Illegal Chinese immigrants slip into Texas

KHOU 11 News | December 24, 2008
By Jeff McShan

SUGAR LAND, Texas -- Along the Texas and Mexico border, police are familiar with illegal crossings. But when the immigrants are not Mexicans, but rather Chinese nationals, it's a surprise.

The U.S. Border Patrol said 837 Chinese immigrants were detained trying to come into America from Mexico last year. Over 500 of these were caught in the first eight months of 2008.

For many years, immigrants from China found the easiest access to America was to sail directly into U.S. ports, but that changed after the Golden Venture incident in 1993. That was when the ship carrying 286 Chinese immigrants ran aground just off the shores of Queens, New York.

Since then, port security in the United States has tightened up, making Mexico the most popular illegal route.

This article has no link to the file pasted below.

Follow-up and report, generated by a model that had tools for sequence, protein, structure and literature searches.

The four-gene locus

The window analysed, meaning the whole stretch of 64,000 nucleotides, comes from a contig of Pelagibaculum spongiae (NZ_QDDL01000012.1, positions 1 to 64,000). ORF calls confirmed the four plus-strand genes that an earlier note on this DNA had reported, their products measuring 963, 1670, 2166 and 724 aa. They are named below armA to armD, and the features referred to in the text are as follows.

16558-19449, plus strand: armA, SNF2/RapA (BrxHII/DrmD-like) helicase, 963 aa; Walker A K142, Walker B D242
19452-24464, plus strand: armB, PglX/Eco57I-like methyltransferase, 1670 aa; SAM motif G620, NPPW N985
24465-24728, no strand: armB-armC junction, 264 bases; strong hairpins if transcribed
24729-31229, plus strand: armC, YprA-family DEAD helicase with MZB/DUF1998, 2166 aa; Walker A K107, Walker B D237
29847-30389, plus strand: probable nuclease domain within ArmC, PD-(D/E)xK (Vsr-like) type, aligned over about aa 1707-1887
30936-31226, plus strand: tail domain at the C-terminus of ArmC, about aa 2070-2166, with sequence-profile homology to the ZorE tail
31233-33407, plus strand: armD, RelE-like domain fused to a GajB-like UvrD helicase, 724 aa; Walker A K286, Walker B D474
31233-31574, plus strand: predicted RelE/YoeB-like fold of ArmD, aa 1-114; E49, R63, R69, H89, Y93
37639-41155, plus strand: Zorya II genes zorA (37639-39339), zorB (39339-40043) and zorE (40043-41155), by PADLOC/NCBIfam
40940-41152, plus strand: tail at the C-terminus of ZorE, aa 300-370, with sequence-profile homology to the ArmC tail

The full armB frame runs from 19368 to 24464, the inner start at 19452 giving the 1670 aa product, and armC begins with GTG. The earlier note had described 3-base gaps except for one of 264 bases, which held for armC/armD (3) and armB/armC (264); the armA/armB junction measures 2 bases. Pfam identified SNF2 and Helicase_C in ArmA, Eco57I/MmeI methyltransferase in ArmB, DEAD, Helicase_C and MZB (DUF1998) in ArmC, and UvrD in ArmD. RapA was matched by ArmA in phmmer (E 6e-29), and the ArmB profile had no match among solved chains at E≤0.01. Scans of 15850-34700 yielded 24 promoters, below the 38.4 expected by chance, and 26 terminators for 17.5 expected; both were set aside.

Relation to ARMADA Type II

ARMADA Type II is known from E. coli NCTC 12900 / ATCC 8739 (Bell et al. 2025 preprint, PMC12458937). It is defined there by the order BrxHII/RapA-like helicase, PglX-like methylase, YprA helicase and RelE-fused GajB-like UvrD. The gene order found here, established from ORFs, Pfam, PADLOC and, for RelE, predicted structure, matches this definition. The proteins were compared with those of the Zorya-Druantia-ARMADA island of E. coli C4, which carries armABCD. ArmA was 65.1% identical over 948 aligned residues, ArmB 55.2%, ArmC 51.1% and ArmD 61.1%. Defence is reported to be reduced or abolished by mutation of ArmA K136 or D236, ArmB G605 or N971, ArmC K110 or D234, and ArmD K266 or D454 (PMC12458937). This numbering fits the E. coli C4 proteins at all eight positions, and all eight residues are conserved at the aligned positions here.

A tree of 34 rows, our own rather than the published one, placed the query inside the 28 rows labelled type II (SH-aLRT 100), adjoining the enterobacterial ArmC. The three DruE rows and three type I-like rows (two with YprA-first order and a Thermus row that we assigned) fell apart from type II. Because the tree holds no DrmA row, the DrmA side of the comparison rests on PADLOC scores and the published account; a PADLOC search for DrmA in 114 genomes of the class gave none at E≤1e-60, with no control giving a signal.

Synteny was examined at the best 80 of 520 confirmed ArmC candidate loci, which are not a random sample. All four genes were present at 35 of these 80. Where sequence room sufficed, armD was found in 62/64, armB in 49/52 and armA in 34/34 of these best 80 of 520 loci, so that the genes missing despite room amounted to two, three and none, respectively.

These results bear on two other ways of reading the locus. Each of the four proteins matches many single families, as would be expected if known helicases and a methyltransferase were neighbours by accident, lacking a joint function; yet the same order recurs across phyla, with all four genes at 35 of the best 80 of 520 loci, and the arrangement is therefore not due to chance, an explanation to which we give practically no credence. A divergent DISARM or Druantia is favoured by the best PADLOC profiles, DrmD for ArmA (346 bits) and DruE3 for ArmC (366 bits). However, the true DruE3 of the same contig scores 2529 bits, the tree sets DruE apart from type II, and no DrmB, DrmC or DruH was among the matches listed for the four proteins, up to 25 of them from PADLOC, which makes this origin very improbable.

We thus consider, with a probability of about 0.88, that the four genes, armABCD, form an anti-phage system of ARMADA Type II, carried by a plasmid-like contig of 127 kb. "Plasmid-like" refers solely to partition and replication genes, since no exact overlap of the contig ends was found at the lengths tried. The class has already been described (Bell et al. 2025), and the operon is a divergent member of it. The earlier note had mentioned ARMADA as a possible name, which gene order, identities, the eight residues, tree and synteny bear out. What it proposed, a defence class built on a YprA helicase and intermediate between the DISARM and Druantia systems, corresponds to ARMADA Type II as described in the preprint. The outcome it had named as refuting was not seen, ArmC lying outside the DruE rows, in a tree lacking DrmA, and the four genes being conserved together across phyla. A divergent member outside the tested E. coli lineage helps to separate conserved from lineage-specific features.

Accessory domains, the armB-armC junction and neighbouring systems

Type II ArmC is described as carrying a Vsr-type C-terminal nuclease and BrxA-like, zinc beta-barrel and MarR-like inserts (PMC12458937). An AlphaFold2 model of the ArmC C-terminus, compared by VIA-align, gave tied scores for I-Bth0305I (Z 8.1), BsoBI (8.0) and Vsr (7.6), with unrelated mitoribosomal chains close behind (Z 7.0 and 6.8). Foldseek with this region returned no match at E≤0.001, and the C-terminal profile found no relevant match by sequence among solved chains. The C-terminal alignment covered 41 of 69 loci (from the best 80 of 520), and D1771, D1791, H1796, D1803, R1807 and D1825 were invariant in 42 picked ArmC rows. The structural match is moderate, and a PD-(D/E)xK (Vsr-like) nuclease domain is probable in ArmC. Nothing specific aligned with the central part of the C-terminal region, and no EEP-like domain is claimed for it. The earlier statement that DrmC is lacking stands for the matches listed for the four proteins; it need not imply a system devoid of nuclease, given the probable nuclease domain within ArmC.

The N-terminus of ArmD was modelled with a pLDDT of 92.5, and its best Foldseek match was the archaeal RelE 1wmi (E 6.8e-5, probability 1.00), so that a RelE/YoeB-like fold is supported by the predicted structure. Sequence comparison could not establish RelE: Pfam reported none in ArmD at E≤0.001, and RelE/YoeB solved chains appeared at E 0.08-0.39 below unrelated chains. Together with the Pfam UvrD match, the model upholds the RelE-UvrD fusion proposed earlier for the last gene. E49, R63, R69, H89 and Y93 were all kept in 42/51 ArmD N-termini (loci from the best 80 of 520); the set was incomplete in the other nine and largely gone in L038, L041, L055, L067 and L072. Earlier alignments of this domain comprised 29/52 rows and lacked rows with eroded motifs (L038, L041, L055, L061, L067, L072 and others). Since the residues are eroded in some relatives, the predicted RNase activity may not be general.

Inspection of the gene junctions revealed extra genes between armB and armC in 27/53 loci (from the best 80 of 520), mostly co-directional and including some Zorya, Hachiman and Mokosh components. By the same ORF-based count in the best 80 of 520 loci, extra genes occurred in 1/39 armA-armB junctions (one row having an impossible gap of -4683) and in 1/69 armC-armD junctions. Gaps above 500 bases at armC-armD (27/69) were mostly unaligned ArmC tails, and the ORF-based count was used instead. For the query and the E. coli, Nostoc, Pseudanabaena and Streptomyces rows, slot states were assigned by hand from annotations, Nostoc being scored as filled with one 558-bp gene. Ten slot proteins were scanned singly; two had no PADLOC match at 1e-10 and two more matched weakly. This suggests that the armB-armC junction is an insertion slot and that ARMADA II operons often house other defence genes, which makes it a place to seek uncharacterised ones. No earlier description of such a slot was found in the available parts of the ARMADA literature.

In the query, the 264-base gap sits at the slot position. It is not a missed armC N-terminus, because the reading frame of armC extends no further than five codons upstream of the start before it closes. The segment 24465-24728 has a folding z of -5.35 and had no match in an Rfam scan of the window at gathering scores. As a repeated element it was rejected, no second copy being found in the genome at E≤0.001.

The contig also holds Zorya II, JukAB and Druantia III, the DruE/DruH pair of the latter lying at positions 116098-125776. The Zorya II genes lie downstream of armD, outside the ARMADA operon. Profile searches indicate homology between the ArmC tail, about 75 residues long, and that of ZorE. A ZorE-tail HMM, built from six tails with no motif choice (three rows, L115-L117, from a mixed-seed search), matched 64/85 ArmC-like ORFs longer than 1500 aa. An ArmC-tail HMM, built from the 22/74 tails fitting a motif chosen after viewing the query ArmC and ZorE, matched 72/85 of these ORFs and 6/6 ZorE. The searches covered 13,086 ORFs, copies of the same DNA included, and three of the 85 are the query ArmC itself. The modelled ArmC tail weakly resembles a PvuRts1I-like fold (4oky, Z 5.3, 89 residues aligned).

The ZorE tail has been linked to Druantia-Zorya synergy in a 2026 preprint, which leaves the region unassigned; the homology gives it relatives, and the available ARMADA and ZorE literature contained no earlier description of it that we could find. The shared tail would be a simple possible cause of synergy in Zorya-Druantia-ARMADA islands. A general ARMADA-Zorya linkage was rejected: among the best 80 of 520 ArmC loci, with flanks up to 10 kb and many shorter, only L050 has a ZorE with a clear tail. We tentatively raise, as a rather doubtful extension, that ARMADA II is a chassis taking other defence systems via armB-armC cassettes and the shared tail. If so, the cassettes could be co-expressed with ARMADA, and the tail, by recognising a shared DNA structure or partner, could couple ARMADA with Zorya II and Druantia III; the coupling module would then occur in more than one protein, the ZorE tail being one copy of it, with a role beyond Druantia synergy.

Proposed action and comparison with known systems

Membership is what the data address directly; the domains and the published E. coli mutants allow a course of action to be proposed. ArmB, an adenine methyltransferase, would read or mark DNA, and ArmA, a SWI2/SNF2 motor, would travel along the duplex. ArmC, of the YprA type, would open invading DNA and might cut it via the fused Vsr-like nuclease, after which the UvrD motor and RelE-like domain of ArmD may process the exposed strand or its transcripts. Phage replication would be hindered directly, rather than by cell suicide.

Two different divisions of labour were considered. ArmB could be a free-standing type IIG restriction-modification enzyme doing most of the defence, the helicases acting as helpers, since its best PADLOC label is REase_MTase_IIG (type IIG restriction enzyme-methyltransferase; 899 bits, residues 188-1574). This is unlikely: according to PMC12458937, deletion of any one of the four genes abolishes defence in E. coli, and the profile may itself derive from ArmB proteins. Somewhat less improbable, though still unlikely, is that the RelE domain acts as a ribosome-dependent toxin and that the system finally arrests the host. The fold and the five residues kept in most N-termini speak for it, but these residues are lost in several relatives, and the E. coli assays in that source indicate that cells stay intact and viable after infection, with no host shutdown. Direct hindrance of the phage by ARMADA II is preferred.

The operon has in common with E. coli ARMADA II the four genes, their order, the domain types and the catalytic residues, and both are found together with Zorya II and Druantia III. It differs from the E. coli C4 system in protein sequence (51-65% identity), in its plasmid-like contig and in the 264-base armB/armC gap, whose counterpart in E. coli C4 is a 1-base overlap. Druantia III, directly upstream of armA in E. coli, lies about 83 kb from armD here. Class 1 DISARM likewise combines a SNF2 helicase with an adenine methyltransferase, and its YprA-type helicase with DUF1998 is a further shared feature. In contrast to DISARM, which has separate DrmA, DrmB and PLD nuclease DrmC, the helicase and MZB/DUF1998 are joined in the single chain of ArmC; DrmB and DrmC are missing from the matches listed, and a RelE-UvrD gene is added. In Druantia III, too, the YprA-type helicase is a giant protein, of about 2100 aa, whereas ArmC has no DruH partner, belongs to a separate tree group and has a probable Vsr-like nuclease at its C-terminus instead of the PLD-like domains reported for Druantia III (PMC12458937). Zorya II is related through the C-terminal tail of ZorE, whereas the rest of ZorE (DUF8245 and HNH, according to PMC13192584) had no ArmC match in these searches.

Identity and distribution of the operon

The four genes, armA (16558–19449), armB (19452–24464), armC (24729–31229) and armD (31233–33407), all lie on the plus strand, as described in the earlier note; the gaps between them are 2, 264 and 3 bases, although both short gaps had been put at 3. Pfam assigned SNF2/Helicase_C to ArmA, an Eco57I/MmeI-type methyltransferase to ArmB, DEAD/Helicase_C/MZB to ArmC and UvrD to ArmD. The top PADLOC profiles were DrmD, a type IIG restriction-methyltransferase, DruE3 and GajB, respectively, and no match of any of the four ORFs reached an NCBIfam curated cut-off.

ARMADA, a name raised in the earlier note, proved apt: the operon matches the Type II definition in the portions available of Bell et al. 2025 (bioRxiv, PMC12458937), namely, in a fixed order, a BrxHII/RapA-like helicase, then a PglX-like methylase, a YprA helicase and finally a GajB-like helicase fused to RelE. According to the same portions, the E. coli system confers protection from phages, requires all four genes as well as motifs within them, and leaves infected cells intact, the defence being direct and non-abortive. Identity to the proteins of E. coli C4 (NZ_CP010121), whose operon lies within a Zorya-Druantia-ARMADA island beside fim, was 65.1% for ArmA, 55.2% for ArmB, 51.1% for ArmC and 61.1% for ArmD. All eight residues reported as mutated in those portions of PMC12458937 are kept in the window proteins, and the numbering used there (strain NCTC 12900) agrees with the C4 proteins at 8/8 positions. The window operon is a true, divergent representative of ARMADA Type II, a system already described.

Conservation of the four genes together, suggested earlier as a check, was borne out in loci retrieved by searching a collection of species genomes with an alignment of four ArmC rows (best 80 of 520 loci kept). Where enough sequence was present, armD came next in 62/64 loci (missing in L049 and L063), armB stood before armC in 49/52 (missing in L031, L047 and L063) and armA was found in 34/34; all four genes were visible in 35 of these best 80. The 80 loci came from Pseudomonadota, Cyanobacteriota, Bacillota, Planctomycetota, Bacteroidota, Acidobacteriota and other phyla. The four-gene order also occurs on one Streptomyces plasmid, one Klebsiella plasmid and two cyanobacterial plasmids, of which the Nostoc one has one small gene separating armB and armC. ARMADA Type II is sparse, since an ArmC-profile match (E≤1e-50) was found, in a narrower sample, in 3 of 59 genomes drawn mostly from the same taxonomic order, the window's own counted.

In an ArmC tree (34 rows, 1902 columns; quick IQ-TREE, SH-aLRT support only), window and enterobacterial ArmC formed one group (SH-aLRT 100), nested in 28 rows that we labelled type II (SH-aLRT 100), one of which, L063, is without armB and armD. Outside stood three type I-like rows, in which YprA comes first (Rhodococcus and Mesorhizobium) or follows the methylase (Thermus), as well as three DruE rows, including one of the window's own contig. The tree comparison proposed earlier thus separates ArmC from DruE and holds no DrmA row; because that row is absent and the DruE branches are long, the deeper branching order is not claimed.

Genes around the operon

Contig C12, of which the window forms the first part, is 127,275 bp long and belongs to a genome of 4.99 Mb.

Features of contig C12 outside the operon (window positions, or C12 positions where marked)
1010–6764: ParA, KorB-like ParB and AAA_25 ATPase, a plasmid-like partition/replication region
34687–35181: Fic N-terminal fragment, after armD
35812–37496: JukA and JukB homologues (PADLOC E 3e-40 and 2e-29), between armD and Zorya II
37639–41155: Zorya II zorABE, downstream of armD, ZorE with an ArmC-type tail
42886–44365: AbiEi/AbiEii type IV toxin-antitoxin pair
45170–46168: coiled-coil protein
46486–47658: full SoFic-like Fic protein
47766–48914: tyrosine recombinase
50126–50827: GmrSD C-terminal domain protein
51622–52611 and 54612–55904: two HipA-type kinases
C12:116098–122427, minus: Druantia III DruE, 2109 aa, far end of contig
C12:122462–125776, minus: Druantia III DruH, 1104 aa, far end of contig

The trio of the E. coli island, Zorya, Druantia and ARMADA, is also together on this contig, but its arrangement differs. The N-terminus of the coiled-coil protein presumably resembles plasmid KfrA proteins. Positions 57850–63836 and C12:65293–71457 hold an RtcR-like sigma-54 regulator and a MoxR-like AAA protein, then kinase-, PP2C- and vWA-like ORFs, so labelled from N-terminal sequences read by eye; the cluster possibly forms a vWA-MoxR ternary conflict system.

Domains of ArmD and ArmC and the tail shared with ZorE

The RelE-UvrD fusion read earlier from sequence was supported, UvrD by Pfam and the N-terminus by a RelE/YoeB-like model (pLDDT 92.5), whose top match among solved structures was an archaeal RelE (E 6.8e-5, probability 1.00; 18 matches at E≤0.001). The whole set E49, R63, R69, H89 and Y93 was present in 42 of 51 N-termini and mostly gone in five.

In early December, the Air and Marine Operation Center in Riverside, California, was tracking a suspicious aircraft that departed McAllen for Sugar Land.

Yolanda Choates, a spokesperson for U.S Customs and Border protection, said the aircraft was a Cessna.

“They alerted the Houston Air and Marine branch to dispatch an aircraft to covertly watch the suspicious aircraft,” said Choates.

The pilot first landed the plane in Wharton, where five illegal Chinese immigrants got out and jumped into a vehicle.

“They had a high speed chase. The driver got away, but the undocumented Chinese aliens remained in the vehicle,” said Choates.

All of them were taken into custody.

The pilot and other crew members flew to Sugar Land, where they were met by law enforcement on the ground.

Most Chinese aliens pay an average of $55,000 to be transported from China to a final U.S. destination.

Once in America, many seek asylum because of their political or religious beliefs. Others don’t like China's restrictive birth control policy.